Tokyo Metro Subway Museum

Hello again everyone, perhaps you noticed I haven't posted recently as usual, and I'm sorry for that. I just really didn't and still don't have the interest in blogging. For a personal reason I have lost all confidence in what I am doing here with my blog, I question the direction I am going and the content I am posting. I even felt like leaving Japan and not returning. I won't go on about myself since I know people don't like that, and I will try to improve my feeling enough so I can keep posting here.


Facade of the Metro Museum

During my last trip to Japan, this May, I went out and visited many different places that are not so well known to non-Japanese tourists. I feel really lucky that I was able to experience being off the "beaten path" and often times being the only Caucasian person present. I hope you will visit some of these places and that my entries help expose them. Today I am writing about such a place - the Tokyo Metro Subway Museum.


You enter the museum just like a subway; through this gate with a ticket

Another way that I was lucky was being able to access this museum easily, that is because it is located in my ward, Edogawa-ku, in the area called Kasai. Although Kasai is located outside of central Tokyo accessing it is easy, and the museum itself is very worth the trip especially if you have small children with you.

The Tokyo Metro Subway Museum is not to be confused with the Transportation musuem, because this museum deals with the subway while the other does rail (above ground) And because the Subway Museum is less known it is cheaper haha! The entry fee is only 200 yen for adults and gets you access to many interactive exhibits.


Vintage subway cars

The first main attraction you come upon is a pair of restored vintage subway cars. The first car is a restored car from 1927 and was the first type used in Tokyo's newly made subway. Inside the car are figures dressed in period clothing and you can peek into the control room. The second car is from the 1960s (I forget a bit haha) and allows you to try the controls.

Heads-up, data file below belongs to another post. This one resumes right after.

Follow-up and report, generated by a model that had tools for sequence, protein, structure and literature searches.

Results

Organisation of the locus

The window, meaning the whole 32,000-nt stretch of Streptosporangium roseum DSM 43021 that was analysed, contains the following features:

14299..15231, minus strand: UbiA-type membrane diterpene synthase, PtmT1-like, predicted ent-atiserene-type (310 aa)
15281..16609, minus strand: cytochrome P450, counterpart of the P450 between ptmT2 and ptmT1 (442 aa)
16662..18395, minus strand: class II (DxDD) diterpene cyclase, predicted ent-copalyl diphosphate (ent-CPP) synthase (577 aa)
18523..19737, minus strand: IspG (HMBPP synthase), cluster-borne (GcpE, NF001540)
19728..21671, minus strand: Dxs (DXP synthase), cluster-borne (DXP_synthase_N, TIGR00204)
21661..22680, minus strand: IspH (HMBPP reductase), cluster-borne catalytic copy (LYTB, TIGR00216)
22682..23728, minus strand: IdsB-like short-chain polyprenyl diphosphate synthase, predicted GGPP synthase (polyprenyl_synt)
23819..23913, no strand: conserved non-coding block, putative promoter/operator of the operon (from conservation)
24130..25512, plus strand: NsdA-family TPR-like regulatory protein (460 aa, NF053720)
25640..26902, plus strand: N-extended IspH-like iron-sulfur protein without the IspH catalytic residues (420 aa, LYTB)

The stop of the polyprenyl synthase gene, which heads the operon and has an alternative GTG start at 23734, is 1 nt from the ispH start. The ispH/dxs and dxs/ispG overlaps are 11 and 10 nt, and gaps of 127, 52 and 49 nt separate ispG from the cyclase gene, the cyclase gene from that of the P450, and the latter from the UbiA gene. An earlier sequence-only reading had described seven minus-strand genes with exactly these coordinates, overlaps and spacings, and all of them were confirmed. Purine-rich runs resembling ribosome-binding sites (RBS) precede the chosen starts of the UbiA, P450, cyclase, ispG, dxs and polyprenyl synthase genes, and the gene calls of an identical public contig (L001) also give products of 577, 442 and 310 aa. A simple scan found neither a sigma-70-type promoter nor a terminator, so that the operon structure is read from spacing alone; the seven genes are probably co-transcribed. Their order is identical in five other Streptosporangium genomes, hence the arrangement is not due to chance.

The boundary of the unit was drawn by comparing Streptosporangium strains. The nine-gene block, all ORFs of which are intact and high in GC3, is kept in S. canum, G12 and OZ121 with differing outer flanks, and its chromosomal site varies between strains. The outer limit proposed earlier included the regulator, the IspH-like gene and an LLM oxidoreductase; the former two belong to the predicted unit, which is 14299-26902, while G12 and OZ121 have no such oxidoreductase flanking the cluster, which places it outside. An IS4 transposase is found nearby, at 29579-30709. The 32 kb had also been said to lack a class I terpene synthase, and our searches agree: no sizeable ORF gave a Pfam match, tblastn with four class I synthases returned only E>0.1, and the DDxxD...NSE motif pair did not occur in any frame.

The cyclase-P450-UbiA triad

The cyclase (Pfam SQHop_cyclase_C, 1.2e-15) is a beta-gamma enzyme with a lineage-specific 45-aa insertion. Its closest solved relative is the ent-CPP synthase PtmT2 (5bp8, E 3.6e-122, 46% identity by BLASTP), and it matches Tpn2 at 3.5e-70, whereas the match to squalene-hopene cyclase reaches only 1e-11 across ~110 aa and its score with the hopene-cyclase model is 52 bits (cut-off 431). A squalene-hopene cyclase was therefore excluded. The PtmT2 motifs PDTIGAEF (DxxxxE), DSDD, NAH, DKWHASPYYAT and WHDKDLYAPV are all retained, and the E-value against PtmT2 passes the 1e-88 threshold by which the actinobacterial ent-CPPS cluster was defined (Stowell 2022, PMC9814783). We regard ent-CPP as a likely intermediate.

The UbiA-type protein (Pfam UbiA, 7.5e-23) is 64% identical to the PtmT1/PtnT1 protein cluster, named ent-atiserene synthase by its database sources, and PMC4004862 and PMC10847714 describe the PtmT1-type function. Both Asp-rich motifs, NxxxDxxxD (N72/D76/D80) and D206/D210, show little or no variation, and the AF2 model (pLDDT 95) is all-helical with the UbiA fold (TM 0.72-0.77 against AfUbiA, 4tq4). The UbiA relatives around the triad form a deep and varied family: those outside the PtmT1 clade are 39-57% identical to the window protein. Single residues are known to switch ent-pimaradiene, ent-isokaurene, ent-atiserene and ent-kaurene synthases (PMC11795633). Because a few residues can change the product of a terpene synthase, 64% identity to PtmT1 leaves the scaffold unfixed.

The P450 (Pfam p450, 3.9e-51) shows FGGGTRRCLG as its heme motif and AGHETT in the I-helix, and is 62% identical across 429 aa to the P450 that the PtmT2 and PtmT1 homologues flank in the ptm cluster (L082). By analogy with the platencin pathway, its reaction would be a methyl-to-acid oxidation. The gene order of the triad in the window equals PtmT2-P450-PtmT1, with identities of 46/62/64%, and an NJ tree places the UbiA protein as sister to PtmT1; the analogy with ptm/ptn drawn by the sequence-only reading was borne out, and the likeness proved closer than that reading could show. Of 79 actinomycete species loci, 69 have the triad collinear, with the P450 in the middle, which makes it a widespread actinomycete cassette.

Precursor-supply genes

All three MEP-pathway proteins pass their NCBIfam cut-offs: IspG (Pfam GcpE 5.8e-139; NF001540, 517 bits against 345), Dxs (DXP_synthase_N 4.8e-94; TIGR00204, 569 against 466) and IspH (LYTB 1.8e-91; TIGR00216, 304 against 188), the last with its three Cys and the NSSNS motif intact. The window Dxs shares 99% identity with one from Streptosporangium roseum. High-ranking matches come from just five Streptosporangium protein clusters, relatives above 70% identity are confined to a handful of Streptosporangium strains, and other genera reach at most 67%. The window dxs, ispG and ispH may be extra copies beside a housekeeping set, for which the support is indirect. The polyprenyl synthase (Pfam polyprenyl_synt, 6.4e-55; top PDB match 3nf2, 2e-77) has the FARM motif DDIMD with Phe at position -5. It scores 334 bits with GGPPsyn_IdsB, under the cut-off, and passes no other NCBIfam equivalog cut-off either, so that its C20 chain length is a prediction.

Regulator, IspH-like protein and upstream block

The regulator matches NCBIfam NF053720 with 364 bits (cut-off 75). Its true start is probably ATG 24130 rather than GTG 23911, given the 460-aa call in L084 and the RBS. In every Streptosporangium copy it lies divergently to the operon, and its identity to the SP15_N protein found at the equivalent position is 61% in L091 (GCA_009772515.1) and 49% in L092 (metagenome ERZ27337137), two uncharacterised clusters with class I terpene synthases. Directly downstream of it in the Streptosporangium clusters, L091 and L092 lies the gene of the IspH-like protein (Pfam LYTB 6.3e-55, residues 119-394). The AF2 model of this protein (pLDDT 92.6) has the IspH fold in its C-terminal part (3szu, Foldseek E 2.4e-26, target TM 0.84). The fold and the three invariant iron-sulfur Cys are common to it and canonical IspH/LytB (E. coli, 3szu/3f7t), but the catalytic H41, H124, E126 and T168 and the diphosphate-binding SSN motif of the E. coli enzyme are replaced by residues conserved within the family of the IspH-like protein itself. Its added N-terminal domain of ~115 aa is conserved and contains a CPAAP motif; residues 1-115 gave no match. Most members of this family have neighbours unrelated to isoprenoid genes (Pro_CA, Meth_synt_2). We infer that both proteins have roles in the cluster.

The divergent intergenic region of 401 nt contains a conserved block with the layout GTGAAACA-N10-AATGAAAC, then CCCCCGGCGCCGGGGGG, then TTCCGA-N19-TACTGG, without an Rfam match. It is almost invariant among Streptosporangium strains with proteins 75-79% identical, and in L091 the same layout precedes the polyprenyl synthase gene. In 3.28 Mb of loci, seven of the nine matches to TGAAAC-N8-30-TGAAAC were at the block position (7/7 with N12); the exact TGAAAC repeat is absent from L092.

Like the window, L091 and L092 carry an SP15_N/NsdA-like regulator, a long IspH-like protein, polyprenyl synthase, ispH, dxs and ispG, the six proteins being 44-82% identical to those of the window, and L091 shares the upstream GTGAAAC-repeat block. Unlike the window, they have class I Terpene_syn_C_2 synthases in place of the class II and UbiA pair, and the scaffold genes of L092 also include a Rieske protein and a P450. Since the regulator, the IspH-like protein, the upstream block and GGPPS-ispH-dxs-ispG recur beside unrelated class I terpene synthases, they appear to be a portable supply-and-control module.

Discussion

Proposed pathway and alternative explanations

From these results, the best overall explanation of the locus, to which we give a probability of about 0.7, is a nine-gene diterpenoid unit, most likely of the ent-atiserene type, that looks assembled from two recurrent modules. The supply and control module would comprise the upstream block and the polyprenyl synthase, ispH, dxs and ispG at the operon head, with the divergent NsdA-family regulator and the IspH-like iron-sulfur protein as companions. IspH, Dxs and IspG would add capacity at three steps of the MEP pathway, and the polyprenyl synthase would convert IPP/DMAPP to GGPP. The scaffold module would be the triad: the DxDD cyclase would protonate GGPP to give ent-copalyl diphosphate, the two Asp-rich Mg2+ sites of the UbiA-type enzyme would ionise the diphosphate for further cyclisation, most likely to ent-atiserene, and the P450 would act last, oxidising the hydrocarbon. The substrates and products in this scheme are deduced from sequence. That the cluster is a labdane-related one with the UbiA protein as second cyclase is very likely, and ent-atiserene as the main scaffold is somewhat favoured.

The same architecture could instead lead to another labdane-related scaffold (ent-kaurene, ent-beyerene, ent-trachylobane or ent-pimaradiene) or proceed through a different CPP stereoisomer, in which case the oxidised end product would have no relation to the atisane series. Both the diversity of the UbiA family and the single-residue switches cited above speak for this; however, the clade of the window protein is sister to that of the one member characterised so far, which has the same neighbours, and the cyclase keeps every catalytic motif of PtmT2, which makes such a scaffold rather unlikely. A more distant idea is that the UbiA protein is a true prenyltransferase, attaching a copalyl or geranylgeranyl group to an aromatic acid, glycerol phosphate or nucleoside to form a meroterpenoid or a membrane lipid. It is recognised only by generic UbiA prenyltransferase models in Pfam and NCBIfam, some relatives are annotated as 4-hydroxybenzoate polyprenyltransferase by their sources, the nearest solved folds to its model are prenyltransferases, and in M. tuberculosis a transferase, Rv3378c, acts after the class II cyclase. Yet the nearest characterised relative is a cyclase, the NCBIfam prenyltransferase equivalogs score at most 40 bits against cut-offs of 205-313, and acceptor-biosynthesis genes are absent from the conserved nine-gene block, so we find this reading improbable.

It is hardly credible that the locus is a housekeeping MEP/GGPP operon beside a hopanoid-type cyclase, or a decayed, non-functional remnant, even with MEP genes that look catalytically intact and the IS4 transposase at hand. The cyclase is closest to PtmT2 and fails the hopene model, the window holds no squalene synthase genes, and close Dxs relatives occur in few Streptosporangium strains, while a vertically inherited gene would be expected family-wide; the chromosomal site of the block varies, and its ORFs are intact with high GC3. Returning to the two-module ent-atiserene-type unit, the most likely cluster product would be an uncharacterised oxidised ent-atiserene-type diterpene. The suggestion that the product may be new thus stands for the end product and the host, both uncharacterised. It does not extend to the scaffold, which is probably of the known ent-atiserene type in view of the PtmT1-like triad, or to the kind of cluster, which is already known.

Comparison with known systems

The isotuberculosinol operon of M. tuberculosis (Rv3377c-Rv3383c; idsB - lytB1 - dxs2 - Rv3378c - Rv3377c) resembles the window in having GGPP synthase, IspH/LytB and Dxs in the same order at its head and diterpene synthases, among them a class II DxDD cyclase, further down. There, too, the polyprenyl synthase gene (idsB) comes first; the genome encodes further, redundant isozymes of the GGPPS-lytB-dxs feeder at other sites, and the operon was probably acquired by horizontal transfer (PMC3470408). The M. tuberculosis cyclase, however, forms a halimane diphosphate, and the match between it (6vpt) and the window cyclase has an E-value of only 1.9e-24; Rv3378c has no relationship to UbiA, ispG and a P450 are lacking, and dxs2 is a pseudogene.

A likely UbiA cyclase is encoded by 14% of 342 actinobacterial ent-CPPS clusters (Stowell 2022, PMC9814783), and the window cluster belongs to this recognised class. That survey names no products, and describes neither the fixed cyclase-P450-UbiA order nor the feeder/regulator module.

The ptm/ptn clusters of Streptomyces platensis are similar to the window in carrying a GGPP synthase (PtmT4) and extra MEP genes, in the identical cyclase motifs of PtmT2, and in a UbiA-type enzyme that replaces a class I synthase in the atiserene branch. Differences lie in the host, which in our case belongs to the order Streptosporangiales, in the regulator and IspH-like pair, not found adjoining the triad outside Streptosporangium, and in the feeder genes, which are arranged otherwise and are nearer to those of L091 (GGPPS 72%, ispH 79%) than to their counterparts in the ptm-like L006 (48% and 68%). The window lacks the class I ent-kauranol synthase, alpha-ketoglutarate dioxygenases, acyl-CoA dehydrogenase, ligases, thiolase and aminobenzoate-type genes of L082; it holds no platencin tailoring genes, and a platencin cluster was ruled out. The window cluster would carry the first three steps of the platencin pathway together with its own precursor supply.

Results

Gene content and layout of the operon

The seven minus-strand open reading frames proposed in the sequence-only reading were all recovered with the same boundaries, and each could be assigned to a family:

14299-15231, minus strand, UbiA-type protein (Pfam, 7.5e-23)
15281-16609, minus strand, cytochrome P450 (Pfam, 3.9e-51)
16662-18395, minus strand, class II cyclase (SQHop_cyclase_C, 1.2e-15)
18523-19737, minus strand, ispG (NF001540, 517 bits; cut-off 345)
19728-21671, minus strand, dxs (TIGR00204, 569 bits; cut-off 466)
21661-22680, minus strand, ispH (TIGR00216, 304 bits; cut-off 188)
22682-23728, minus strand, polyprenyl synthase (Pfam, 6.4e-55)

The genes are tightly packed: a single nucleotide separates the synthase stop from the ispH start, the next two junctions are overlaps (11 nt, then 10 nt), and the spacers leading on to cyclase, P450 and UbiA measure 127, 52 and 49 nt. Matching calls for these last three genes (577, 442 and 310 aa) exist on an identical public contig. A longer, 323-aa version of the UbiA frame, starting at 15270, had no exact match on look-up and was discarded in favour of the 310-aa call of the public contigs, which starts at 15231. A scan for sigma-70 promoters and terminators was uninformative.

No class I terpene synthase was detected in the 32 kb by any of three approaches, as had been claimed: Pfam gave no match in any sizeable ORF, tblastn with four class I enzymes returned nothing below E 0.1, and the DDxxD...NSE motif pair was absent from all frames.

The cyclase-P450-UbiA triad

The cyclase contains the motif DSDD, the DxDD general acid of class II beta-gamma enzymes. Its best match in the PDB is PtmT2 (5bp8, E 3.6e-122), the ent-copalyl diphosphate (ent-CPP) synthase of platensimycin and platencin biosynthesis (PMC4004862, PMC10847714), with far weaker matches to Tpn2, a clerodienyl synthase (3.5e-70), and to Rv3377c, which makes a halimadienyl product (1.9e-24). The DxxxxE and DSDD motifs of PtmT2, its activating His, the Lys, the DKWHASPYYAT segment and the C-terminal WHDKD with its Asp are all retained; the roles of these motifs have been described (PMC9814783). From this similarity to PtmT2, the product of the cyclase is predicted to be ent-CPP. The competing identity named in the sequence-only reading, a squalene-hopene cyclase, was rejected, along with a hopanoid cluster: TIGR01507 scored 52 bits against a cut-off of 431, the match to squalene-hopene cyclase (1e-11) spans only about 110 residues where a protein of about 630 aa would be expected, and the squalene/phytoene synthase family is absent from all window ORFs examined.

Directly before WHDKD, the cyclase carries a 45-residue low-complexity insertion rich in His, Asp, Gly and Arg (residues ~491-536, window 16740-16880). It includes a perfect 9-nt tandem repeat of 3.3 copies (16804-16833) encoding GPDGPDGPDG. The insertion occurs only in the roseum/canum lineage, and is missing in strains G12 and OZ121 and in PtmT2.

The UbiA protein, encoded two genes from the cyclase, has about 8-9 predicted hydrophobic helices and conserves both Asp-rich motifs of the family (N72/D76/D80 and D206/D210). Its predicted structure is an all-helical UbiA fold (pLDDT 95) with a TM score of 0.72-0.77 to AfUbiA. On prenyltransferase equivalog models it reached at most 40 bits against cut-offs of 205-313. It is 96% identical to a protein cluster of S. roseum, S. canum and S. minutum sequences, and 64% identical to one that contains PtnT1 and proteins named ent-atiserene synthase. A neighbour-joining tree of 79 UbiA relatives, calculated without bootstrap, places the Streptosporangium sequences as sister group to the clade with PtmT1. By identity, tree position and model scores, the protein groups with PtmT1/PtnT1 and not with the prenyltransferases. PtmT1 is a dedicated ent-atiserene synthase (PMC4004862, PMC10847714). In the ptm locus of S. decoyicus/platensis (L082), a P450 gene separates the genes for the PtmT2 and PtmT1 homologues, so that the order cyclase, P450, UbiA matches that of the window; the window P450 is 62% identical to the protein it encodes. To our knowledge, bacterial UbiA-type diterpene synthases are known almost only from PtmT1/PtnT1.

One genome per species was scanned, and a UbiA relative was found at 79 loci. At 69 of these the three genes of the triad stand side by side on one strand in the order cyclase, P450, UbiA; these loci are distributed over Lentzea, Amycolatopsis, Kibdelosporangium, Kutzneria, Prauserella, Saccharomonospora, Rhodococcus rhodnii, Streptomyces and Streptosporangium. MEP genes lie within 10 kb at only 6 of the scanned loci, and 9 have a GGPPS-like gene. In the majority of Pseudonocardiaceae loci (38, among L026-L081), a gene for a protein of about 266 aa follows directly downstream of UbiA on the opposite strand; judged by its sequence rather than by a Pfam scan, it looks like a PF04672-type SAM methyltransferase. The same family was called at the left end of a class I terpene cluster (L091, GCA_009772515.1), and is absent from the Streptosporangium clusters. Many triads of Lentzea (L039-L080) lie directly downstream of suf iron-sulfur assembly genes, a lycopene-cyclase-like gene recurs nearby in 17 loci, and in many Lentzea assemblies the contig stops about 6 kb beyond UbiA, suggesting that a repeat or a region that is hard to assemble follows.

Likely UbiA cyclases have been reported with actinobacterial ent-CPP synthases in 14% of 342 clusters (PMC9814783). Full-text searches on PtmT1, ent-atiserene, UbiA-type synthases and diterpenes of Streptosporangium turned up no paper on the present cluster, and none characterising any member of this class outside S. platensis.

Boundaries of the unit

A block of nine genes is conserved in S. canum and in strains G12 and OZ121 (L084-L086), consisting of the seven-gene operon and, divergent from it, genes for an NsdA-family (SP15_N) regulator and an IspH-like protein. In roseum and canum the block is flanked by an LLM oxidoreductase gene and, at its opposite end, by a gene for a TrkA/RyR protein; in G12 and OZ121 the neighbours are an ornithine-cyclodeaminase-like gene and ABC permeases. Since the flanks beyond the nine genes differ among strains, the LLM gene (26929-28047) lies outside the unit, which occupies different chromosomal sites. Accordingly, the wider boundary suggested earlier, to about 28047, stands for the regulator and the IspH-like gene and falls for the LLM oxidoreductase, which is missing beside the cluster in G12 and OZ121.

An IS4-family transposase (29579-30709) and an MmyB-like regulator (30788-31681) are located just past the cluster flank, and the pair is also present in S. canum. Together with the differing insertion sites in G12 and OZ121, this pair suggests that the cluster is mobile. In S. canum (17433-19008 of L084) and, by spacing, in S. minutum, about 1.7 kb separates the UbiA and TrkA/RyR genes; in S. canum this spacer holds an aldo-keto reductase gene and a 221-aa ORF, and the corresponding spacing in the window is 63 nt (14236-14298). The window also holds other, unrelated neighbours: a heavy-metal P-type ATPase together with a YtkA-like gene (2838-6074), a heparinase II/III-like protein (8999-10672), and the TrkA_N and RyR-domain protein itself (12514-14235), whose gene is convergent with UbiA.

Inside the 1927 car


Mural explaining the drilling process

The interactive exhibits don't end there. There is model subway car that you can active the door and other controls, and another car that you can "drive" by watching a TV screen with fake tunnel footage. There is also a control room where you can direct traffic in the tunnels and communicate with "real" operators! The best part is all these exhibits are no extra charge, just line up and have fun when its your turn!

There are of course plenty of informational exhibits and materials. A lot of the information is in Japanese without translation, so you will miss a little not being able to read. But still since its geared towards children most things are obvious and shown with a lot of imagery. There are several interesting dioramas to look at as well, including a scale replicate of the size of tunnels/cars in the tunnels.


Hanging up on the station master

There is also a miniature scale model of the entire subway systems, showing the stations and how the tracks criss cross under Tokyo. The mini subway cars run through the track, but at only certain times of the day so you may miss seeing them.


A diorama of the subway system

I highly recommend you visit this museum, if you are even slightly interested in transportation or how the Tokyo subway system can be so efficient. You just can't beat the price, and exhibits are fun and informative.

Access Info:
6-3-1-Higashi Kasai, Edogawa-ku, Tokyo 134
Take the Tozai subway line to Kasai station
closed Mondays
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